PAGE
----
This is an excellent article with examples of great eating and parenting/family practices.
“When my kids started attending daycare in Paris, I was struck by the lunch menus. Every day, the 3-and-unders were served four-course meals. A typical lunch started with carrot salad and moved on to salmon in lemon-dill sauce with a side of pureed broccoli. This was followed by goat’s milk cheese and baked organic apples.
Amazingly, the toddlers — mine included — actually ate these gourmet lunches, often with gusto. When I sat in on one meal, the kids had made it to the cheese course, and were earnestly debating the merits of Roquefort.” Pamela Druckerman in You Just Have to Taste It: Getting Your Kids To Eat Like The French
I see two key ingredients here that contribute to making mealtimes peaceful.
(1) “The French believe it’s their role as parents to gradually shape their children’s tastes, and to guide them through the pleasures of different flavors.”
I’ve never visited France but this article suggests that at least these French parents see themselves as the kind of leaders I’d like to follow…those who have everyone’s best interests in mind while they care for others non-defensively. I admire that they recognize that elders pass down cultural heritage and wisdom through food rituals.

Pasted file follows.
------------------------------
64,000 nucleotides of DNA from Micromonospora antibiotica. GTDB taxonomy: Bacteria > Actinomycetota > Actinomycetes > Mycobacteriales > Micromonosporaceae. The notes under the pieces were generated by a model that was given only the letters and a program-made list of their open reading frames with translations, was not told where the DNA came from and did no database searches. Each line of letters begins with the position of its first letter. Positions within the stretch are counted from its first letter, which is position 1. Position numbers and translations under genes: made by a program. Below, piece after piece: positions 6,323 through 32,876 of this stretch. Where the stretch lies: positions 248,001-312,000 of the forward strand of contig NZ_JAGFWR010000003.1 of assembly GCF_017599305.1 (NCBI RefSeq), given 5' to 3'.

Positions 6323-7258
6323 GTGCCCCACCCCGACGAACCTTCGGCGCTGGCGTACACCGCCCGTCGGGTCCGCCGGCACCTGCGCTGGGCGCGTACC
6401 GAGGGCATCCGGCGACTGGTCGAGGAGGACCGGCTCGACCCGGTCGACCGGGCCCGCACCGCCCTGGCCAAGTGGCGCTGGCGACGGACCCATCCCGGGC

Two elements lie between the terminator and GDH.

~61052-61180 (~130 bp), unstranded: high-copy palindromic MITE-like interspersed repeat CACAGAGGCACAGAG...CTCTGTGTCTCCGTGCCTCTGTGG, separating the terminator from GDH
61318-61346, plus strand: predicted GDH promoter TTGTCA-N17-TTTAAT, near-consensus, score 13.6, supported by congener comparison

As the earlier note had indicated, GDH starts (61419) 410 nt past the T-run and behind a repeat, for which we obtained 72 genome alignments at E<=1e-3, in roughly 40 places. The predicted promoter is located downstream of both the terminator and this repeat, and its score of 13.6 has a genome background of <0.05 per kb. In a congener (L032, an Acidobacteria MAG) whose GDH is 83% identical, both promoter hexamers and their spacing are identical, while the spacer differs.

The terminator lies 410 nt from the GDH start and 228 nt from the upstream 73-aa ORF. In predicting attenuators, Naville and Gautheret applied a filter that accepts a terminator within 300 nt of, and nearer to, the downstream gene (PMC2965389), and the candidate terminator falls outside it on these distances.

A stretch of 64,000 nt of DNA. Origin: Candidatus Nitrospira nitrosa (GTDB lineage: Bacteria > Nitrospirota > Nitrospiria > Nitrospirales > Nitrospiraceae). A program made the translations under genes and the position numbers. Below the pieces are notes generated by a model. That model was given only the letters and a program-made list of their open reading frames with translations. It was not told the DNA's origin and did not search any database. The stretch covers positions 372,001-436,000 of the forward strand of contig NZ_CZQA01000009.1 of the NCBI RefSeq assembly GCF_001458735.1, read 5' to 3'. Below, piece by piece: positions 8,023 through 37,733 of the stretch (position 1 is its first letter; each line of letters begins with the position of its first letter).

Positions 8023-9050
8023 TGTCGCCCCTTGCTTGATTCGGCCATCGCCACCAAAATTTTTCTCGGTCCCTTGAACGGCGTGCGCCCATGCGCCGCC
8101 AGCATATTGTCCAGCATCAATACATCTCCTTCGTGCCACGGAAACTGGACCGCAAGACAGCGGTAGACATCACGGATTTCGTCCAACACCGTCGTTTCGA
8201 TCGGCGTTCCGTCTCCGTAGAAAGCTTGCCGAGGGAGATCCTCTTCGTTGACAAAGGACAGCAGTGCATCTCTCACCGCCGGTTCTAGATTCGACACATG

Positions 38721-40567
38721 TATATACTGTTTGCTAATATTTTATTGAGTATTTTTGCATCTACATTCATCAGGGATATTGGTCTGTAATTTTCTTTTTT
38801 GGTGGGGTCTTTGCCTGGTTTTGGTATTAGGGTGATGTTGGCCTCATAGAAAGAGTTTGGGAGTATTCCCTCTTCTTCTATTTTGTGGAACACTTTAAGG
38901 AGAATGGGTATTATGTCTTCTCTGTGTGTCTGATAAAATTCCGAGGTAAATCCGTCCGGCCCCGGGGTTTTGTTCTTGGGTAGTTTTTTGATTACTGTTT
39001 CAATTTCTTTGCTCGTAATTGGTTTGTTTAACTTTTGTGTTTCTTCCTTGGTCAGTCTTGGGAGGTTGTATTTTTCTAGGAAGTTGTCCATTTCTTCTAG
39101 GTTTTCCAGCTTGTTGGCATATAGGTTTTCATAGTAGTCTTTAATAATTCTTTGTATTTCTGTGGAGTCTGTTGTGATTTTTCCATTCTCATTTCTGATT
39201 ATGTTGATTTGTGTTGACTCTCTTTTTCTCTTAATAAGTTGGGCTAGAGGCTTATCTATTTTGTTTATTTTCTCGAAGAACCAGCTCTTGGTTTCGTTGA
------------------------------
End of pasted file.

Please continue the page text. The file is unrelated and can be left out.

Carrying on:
Dr. Gordon Neufeld, author of Hold On To Your Kids, says “Central to any culture is its food – how food is prepared and eaten, the attitudes toward food, and the functions food serves….The child’s hunger for connection and inclination to seek cues from adults take care of it [the transmission of culture].” A child can feel security and rest in their parent’s love and care. They need not worry about making decisions about food. Resting in this security models interdependence: the flow of being cared for and caring for others.
(2) “Keep the mood light.”
These parents and teachers take defensiveness and worry out of learning how to eat and feed ourselves. The parents and teachers serve nutritious food for all. Learning to eat is simply something that we do to grow up. It is nothing to get into power struggles with.
Did you notice what whole foods were offered from start to finish? So much is conveyed through the serving of food including eating practices that support our health. They served vegetables first, then proteins, and ate cheese and fruit last.
I think this article gives us good food for thought.